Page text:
Thinking of selling your business – Think again. - JHK Legal Commercial Lawyers

5 September 2018

Thinking of selling your business – Think again.

You’ve worked hard, built up your business, and now you are thinking of selling your business and moving on.  Before you do, it pays to consider whether or not you and your business are in a position to sell.

There are a number of steps you should consider before thinking of selling your business and in this article, we are covering a few of the main ones.

  1. Talk to your accountant or business advisor

There are a number of factors that you should discuss with your accountant or business advisor:

  • Is this it the right time to sell?  Have you considered capital gains tax implications, transition to retirement issues, structuring and your general tax affairs?  Signing the contract to sell your business is significant and could cost you thousands of dollars in unnecessary tax. Talk to your accountant first before jumping in to signing that great deal which is presented to you.  It may not be all that great in the end if you have not considered these issues first.
  • Are there any personal loans to the business which need to be considered or dealt with?
  • What is your business worth?  It is worth getting your accountant to go through the exercise of a book valuation to give you a starting point.  You may have structured your business affairs to take advantage of tax minimisation strategies but these don’t’ necessarily translate into value when you have a look at what the business is actually worth.  You may find you need some time to structure things differently so that you can get the most value out of your business when you ultimately sell.
  1. Housekeeping

One of the things an incoming buyer is likely to require is to look over the books and accounts of the business to confirm the performance of the business (and its value).  Ask yourself:

  • Do you know where all of the documents for the business are?
  • Do you hold formal agreements for your contracts with suppliers or customers or are you relying on a handshake?  If you do have contracts, are they assignable and will the buyer of the business be entitled to take over those contracts when you transfer the business to them?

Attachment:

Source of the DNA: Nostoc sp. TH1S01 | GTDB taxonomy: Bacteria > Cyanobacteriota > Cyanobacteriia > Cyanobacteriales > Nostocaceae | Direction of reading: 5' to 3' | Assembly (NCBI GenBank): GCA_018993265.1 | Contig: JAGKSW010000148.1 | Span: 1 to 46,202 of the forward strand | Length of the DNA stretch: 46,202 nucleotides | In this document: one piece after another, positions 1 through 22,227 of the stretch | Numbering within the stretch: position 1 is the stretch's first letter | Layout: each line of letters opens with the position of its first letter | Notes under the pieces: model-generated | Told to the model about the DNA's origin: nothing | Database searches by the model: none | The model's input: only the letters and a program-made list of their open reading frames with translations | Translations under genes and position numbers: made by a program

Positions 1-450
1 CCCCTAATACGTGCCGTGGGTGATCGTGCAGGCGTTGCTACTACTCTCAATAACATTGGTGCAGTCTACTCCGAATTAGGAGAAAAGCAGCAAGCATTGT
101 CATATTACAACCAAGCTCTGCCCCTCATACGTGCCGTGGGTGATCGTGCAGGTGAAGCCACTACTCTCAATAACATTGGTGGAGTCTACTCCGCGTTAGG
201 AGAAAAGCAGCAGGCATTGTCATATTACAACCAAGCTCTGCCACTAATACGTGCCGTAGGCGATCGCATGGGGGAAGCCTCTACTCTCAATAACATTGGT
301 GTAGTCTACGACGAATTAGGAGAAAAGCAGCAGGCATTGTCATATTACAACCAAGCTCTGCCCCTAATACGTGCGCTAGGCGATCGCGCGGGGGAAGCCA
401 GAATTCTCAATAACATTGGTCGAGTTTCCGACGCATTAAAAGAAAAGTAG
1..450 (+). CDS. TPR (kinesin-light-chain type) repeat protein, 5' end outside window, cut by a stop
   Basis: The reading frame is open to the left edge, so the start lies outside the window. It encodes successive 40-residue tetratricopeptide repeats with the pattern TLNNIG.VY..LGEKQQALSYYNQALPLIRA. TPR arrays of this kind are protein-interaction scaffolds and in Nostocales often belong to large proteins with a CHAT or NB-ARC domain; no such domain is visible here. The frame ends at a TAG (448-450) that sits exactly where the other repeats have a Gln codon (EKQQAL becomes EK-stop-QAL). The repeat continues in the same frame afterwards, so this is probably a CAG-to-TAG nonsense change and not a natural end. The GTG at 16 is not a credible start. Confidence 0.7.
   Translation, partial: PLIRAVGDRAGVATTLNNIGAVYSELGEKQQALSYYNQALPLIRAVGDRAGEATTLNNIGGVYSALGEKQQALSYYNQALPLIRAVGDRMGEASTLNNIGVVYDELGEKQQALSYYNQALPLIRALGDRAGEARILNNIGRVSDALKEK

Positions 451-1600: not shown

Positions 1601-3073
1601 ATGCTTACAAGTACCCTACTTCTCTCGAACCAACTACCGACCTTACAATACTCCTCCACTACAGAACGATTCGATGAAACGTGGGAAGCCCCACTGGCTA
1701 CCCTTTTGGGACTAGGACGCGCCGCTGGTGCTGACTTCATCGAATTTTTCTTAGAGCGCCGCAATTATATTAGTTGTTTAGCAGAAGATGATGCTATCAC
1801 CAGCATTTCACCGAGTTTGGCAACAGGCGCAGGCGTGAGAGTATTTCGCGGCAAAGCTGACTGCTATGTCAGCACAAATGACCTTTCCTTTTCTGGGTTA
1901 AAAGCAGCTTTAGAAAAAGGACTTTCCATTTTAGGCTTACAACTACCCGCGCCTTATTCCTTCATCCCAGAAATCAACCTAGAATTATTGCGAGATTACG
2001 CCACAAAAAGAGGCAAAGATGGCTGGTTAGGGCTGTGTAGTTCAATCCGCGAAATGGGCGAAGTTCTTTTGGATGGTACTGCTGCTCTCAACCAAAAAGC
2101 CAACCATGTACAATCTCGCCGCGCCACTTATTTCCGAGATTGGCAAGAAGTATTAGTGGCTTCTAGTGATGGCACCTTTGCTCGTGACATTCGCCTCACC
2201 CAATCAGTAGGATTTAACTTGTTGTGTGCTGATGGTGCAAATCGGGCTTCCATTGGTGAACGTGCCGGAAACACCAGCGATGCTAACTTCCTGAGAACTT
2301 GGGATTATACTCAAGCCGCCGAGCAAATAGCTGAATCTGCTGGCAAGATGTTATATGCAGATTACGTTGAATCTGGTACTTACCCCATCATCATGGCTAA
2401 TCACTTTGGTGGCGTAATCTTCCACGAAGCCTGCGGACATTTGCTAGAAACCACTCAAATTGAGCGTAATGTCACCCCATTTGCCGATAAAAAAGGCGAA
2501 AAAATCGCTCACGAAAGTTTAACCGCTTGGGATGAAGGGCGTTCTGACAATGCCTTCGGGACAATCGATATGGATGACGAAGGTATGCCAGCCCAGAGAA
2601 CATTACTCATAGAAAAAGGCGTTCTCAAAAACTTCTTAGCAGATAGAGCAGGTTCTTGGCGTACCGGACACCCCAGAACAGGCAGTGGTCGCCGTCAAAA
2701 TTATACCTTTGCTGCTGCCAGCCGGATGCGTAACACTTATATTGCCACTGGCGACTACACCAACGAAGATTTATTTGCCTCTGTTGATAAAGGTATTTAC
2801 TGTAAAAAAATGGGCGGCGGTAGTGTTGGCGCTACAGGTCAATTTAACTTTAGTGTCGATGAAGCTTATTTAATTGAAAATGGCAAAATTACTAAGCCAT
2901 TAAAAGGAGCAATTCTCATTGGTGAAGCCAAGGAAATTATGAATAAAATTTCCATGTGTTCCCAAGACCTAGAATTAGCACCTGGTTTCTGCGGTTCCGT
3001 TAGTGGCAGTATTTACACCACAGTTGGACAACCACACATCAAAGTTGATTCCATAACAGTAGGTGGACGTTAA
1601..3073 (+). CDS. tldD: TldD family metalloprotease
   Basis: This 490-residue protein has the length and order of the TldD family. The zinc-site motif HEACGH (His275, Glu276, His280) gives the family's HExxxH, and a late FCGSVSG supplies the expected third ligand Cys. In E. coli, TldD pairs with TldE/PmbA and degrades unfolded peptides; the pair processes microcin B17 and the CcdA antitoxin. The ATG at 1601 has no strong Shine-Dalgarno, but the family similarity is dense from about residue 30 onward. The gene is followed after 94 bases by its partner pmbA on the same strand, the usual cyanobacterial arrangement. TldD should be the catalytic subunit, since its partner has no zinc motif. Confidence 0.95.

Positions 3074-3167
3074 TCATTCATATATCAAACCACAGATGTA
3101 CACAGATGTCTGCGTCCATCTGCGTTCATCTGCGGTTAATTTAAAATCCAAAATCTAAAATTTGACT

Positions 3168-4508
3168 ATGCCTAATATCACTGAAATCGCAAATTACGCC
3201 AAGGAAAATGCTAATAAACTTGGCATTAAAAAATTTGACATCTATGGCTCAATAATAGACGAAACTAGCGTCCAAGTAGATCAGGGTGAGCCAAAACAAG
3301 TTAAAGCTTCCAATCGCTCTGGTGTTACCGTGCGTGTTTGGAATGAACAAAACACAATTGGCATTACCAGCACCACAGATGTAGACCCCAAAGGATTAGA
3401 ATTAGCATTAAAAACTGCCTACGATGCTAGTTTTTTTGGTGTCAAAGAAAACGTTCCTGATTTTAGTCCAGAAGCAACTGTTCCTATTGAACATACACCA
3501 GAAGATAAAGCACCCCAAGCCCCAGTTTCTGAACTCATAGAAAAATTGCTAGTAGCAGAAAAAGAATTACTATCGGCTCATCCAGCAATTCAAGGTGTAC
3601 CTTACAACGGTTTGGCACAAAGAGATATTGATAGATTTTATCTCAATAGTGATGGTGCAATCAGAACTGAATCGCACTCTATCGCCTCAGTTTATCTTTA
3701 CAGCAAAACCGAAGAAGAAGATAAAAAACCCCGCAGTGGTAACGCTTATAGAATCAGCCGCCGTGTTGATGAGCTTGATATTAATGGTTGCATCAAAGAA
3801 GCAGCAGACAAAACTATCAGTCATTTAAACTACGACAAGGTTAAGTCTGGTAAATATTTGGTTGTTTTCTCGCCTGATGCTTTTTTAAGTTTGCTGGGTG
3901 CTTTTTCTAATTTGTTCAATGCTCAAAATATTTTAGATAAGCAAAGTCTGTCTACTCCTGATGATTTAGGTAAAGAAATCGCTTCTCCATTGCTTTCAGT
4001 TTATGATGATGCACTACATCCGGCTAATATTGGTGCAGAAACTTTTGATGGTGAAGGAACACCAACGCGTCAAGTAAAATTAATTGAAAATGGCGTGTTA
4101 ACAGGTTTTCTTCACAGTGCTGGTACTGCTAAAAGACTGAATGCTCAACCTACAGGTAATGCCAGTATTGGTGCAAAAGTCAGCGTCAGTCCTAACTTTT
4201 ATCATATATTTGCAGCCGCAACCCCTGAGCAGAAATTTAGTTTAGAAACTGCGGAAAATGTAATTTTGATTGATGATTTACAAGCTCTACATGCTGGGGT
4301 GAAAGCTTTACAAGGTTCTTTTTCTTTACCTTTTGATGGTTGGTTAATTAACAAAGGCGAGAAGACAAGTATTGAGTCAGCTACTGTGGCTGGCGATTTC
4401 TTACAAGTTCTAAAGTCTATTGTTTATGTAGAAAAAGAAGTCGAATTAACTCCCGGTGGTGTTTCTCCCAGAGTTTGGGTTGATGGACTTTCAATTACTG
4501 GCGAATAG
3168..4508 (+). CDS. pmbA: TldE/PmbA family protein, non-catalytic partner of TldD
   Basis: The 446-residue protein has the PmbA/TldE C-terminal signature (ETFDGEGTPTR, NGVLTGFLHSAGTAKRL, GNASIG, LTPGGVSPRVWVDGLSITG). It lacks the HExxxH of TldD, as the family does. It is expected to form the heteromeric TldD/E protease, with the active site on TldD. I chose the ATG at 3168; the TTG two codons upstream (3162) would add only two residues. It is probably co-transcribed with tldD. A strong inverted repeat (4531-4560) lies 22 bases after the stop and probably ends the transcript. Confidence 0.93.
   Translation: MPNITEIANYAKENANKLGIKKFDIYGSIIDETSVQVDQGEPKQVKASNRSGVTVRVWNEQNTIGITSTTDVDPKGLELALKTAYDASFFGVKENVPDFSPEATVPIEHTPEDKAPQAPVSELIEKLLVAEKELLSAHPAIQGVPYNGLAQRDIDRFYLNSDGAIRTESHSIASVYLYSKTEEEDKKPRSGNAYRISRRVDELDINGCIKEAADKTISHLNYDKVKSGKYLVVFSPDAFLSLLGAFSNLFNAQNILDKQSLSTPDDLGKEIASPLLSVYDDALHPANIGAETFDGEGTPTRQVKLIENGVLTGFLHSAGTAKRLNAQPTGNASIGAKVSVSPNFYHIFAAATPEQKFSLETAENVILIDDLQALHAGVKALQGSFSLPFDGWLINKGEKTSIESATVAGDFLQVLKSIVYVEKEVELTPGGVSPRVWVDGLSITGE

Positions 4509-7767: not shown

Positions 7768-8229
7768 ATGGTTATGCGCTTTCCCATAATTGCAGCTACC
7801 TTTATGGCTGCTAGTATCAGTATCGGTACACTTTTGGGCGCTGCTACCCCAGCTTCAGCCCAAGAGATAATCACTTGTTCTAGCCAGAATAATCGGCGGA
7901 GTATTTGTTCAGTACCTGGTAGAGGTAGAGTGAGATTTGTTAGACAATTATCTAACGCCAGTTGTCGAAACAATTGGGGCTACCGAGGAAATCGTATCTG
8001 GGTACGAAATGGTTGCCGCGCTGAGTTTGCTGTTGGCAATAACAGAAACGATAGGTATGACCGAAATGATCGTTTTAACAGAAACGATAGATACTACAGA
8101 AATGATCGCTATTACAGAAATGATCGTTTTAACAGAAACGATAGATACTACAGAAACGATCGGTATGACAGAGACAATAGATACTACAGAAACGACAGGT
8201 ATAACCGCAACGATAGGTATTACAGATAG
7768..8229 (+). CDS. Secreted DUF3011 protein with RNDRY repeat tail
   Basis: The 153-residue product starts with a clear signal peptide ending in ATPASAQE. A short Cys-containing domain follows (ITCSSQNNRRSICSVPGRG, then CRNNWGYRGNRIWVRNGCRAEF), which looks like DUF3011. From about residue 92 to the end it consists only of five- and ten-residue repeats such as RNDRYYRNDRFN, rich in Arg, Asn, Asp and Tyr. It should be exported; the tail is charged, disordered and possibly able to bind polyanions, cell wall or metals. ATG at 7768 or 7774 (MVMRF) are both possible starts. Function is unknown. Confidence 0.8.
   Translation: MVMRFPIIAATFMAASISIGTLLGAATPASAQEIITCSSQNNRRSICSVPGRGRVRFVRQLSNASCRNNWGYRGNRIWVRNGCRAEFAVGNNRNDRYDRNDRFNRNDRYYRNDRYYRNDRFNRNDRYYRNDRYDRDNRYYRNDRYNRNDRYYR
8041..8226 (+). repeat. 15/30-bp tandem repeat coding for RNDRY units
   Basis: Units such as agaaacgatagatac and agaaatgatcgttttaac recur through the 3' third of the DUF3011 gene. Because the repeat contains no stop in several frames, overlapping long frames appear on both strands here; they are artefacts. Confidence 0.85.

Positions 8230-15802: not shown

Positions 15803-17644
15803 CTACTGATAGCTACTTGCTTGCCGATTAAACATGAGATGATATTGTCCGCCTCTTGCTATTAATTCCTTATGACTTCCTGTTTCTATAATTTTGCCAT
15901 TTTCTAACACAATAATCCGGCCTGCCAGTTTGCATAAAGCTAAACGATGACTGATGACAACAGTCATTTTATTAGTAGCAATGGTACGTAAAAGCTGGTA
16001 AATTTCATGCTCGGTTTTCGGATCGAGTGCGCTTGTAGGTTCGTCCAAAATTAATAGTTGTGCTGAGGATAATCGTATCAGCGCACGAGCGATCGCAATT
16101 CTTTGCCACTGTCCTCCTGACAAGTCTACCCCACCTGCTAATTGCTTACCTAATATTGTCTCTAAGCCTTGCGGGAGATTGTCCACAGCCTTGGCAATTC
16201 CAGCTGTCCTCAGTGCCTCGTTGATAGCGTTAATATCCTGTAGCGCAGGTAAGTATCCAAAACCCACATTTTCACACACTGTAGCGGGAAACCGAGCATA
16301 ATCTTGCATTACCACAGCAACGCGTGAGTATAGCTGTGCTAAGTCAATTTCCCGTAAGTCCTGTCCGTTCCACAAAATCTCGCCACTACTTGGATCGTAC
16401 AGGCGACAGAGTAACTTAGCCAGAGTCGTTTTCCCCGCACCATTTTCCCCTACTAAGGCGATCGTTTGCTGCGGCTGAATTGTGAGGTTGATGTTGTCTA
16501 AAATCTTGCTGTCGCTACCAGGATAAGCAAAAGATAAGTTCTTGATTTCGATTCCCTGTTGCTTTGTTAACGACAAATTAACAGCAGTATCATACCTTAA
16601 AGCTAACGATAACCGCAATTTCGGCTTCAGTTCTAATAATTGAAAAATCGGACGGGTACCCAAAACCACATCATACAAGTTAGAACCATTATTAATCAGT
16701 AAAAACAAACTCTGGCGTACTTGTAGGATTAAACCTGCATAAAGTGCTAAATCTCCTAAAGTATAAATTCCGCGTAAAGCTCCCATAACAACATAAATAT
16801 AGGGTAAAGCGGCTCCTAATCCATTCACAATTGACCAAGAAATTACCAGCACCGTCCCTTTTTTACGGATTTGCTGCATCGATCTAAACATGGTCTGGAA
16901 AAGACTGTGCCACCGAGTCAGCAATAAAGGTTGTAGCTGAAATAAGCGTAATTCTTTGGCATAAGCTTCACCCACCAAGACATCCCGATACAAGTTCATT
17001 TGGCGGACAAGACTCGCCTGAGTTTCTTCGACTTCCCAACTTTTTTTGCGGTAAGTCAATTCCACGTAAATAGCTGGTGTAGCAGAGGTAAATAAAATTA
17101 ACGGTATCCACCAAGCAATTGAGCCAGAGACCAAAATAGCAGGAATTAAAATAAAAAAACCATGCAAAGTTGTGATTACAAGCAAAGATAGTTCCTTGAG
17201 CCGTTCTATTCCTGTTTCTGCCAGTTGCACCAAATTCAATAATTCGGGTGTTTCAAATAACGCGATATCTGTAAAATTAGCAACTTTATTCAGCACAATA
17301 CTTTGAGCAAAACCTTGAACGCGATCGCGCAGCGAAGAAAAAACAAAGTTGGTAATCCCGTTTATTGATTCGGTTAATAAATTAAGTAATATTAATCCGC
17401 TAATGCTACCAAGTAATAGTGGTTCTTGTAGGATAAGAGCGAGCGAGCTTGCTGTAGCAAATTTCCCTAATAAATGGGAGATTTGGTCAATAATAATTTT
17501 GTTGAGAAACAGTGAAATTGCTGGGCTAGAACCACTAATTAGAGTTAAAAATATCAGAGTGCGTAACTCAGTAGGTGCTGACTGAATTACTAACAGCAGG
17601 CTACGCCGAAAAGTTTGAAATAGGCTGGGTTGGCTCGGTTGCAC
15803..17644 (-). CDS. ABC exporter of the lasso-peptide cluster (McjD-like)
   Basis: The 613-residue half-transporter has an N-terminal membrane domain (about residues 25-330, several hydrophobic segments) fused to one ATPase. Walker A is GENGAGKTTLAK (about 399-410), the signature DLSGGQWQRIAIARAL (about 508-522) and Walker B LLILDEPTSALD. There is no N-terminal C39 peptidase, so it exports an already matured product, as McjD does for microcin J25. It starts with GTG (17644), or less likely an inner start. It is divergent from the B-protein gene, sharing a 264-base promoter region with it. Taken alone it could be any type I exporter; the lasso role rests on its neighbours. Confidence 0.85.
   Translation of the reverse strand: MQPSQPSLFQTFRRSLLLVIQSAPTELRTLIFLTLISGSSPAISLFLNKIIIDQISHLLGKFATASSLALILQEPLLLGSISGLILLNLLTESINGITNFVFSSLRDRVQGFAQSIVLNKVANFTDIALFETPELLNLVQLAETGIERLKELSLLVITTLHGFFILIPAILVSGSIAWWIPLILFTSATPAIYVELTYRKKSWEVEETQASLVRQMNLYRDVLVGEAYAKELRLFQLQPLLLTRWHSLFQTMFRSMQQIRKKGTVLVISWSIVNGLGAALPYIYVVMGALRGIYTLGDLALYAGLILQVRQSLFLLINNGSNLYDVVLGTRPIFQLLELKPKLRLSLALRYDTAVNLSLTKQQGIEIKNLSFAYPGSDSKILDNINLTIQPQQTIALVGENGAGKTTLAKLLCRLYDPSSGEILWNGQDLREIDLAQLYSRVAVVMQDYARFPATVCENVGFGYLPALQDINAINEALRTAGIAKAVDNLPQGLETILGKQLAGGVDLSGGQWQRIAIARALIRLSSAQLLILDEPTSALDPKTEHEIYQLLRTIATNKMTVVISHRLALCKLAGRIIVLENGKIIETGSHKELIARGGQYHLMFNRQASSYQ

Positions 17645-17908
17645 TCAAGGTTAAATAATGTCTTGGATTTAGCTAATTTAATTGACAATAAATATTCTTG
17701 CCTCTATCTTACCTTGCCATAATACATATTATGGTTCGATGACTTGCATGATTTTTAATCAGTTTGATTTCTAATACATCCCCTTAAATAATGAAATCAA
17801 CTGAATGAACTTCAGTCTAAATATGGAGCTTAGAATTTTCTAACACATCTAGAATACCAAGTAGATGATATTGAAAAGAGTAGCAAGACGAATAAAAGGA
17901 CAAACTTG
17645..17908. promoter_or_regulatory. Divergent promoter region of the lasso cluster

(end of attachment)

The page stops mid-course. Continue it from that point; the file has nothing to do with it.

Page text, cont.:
• Is your lease up to date?  Have you considered the conditions and timing of any assignment of the lease – this may be significant when you consider what ultimate terms you may agree to in the business sale agreement.
  • What are the assets of the business?  Who needs to be a party to the business sale agreement in order to transfer the assets of the business to your buyer?  Many people fail to realise that they have structured their business in such a way that some of the assets may be held personally or in an entity which is different to that which owns the business.  Accordingly, understanding what you are selling and who is able t sell it is important.
  1. Consider Employees and employee entitlements

If you have been running your business for some time, you may have some long term employees.  Those employees may have significant employee entitlements which may need to be dealt with at the point of sale.  There are different issues to consider whether the employees are staying with the business or being made redundant.  Significantly, long service leave, annual leave and sick leave entitlements for each employee need to be known and understood so that you can properly consider the cost of selling your business (you may find yourself making employees redundant and having to pay out these entitlements and possibly redundancy pay if the employee is not transferring with the business).  Equally, even if the employee is transferring with the business, there will be some adjustment of these figures at the time of sale.  This is one of the most overlooked aspects of a business sale but should one of the more important aspects of the business when you are considering whether to sell your business.